resolution extends the deadline for applying for agricultural use valuation
for tax year 1995 through July 1, 1996. Its fiscal impact is uncertain.
H. 4822 extends the due date for state
income taxes to be paid by military personnel stationed in Bosnia. Under
the measure, payment would not be due until they return home. This joint
resolution received third reading in the Senate. Since both chambers have
adopted the measure, it has been enrolled for ratification.
S. 963 authorized the Citadel to
increase the principal on outstanding bonds from $25 to $35 million
dollars. The bill was recommitted to the Senate Finance Committee since a
similar measure, H.
received third reading in the Senate. An amendment to the House bill,
however, provided for "The Higher Education Revenue Bond Act,"
which will impact borrowing by all higher education institutions. The House
concurred with the amendment, and the bill has been enrolled for
AGRICULTURE, NATURAL RESOURCES, AND ENVIRONMENTAL
While the full Agriculture, Natural Resources, and Environmental Affairs
Committee did not meet last week, the Environmental Affairs 11 subcommittee
reported favorably on three bills. S. 68
grants immunity from liability for a technical expert providing advice and
assistance to a local government during a hazardous materials emergency.
H. 4717 defines "structural
fill" and restricts local governments from regulating solid waste
facilities. Also, the measure authorizes the Department of Health and
Environmental Control to issue permits for short term structural fills
which operate less than twelve months. H. 4785 provides a uniform framework conforming the
licensure and regulation of veterinarians in the state with provisions
affecting other professional and occupational boards.
Subcommittee members also approved a regulation of the Department of Health
and Environmental Control (DHEC). The regulation concerns the land
application, or use, of non-hazardous solid waste for beneficial
agricultural, silvicultural, and horticultural purposes--not as a means of
disposal. It encourages and establishes criteria for the recycling of
materials which historically have been disposed of in a landfill but may be
used instead to produce crops or forest products, or on land being
reclaimed to enhance its aesthetic value or to reduce environmental
EDUCATION AND PUBLIC WORKS
Last week, the full Education and Public Works Committee gave a favorable
report to H. 4443,
as amended, the
Charter Schools Act. The legislation would allow the formation of schools
within districts which are freed from certain statewide regulations,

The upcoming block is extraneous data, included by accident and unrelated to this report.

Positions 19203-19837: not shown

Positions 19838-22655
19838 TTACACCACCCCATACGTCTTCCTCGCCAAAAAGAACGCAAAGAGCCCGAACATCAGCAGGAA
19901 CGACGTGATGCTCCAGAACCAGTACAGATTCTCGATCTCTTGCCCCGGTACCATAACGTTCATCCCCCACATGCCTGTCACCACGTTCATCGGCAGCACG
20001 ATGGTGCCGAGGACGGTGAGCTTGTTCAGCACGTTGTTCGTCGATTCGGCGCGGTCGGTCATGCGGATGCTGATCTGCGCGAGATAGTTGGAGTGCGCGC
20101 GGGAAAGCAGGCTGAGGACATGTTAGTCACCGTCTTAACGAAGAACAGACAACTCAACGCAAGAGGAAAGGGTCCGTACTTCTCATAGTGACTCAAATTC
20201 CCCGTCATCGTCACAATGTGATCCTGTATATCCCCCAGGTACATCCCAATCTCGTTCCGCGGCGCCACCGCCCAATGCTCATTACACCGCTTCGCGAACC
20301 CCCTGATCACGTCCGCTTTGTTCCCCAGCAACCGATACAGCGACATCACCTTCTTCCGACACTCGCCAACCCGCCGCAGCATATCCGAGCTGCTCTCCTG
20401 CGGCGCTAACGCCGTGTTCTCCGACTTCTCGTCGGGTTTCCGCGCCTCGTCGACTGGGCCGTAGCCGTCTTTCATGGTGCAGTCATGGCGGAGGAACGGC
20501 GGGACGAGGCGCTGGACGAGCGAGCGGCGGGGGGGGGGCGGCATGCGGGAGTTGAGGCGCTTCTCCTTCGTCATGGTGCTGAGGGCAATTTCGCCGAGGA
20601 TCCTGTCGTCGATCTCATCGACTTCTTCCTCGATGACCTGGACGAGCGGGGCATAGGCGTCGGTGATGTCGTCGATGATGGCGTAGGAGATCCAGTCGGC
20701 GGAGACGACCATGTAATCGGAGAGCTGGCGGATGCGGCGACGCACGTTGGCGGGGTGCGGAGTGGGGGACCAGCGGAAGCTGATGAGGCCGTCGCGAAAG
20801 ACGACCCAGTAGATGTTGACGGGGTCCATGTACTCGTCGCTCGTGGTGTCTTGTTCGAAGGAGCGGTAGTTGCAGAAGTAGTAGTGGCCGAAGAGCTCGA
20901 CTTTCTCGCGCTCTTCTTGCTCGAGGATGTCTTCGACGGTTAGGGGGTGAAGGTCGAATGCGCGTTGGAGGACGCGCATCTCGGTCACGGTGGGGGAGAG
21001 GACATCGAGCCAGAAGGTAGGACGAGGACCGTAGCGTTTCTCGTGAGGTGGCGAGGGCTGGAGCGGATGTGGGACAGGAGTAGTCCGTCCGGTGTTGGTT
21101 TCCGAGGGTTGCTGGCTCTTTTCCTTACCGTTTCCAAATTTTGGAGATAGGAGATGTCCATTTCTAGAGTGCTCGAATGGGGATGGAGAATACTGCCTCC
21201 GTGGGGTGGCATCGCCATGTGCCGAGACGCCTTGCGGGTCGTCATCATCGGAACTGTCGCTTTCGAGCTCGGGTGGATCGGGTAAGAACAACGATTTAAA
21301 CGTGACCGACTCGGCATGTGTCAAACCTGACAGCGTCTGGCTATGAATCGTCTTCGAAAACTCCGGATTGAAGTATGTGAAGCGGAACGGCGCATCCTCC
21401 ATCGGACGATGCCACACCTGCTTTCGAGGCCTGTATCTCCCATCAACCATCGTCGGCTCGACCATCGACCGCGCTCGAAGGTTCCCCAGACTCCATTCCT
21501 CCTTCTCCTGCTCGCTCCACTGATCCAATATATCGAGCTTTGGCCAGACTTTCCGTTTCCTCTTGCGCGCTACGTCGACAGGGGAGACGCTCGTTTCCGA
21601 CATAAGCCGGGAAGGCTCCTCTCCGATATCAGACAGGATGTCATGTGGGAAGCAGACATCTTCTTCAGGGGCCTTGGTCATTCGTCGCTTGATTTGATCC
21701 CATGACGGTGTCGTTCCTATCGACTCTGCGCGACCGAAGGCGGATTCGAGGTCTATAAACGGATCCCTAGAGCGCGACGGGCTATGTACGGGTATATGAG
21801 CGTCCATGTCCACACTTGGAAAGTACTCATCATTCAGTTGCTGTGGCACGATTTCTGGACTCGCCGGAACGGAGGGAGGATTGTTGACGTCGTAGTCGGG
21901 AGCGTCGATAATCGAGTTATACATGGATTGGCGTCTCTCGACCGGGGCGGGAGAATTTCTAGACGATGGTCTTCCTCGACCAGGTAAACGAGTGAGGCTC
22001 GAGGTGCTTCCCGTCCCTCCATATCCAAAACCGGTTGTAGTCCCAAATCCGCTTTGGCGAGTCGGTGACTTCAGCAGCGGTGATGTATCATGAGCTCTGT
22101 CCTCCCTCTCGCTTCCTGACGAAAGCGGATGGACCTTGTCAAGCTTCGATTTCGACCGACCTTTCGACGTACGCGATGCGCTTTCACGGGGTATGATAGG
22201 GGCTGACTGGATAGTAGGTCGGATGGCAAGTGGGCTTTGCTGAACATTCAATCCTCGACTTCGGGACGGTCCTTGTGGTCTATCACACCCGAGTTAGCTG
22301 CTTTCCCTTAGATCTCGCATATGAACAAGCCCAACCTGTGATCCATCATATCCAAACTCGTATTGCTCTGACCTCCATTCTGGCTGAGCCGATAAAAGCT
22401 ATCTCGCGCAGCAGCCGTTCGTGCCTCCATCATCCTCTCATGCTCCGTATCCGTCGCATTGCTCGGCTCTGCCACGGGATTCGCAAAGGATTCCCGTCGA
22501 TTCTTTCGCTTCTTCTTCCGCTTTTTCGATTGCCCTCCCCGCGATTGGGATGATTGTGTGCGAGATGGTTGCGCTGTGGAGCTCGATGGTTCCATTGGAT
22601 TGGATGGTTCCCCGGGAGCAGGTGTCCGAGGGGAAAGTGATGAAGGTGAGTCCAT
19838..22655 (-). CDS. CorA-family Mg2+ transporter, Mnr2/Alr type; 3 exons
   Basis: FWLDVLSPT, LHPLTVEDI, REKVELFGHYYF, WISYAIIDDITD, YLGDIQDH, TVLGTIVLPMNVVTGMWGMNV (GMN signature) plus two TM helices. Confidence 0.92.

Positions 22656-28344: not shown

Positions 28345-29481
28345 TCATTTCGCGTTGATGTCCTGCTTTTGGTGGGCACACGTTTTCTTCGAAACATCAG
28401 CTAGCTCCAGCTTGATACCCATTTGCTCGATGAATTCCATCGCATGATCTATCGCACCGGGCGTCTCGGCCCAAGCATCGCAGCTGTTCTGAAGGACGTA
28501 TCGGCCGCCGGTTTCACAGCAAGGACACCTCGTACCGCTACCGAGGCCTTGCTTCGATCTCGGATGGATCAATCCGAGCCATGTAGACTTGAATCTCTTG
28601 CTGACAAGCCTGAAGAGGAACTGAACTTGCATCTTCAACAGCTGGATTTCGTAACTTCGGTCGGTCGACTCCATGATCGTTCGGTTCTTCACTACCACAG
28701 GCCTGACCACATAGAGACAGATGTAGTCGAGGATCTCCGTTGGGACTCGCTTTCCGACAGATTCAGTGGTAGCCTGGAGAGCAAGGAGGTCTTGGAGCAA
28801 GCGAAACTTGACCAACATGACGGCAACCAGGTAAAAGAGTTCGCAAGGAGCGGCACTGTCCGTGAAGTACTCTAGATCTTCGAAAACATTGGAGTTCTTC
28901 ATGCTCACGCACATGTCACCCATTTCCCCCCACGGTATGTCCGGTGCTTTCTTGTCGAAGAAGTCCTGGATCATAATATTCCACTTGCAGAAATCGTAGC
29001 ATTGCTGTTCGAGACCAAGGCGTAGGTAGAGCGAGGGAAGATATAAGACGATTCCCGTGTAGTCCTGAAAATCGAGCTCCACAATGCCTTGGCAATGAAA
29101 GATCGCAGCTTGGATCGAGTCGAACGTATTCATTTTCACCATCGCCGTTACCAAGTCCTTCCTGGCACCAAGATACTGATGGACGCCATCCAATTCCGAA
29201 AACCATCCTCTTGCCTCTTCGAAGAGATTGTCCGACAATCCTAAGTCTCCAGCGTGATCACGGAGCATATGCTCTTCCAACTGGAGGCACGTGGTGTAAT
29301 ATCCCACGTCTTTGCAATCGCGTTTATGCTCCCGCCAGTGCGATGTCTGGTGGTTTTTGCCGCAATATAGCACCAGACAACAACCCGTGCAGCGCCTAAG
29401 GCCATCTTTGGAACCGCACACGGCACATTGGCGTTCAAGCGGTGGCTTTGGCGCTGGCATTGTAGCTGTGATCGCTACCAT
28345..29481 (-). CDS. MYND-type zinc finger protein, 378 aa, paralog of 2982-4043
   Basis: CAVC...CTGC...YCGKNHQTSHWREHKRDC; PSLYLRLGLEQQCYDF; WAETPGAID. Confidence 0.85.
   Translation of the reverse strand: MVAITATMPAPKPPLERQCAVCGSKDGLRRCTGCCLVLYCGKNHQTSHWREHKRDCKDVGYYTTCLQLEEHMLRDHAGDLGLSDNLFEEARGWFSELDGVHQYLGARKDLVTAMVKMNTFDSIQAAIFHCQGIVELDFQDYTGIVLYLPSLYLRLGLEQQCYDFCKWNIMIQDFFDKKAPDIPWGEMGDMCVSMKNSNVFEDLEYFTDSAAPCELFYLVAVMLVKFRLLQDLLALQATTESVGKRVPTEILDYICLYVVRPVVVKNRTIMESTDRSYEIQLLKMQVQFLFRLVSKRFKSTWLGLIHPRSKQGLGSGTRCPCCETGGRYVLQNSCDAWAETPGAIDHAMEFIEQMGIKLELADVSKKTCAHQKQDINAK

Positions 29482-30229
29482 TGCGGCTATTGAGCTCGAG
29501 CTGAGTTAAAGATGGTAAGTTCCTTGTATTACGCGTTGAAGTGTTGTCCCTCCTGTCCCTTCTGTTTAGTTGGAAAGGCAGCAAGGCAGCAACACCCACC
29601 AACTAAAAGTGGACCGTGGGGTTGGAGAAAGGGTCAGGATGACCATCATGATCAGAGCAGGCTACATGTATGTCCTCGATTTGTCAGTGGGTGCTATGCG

capable of employing unlicensed teaching personnel, and organized around
specialized academic missions. The Committee also reported favorably on
H. 3803, as amended, a bill which
raises the ages at which driver's licenses and permits may be obtained. The bill raises from sixteen to seventeen the minimum age at which one may
receive a driver's license. An individual who is at
least fifteen years of
age and who has passed all portions of the examination except the driving
test may receive a twelve-month beginner's permit which allows driving
during daylight hours under the supervision of someone at least twenty-one
years old with at least one year of driving experience. A restricted
driver's license may be issued to one who: is at least fifteen but no older
than seventeen; has held a beginner's permit; and, has passed the road test
and all other examination requirements. The restricted license allows
unsupervised driving during the daylight hours and nighttime driving when
accompanied by a licensed driver at least twenty-one
years of age. H. 4447, a bill which, as introduced,
would have eliminated the qualification allowing a child who owns property
in a school district to attend school in that district was amended by the
full Committee such that only children whose parents are South Carolina
residents would be able to take advantage of the property ownership
qualification. The amended version which the Committee reported out
favorably prevents students from crossing over from neighboring states to
attend public school in South Carolina by purchasing
property in this
Committee members reported favorably on five measures last week. H.
4434 provides for reinstatement of a person's
driver's license after a fourth driving under the influence (DUI) offense. To apply for reinstatement, a person must have had no violations for a
period of five years immediately prior to filing the
convicted of felony DUI would not be eligible for reinstatement. Also, if a
person has had his license permanently revoked after a fourth DUI offense
and later was convicted of another DUI offense, he would not be eligible
for reinstatement. H.
4469, known as
the "South Carolina Effective Death Penalty Act of 1996," limits
the appeals process and empowers the governor to set
execution dates rather
than the State Supreme Court. Deadlines would be set for filing post-
conviction death penalty relief appeals. Prosecutors
would have thirty days
to answer an appeal rather than the current ninety days. Fifteen days
later, a status conference would have to be held. A hearing would be
scheduled forty-five days after the status conference. A judge's ruling
would be required within thirty days of the hearing.
H. 4520 provides for binding arbitration as an
alternative dispute resolution for state employee grievances. It also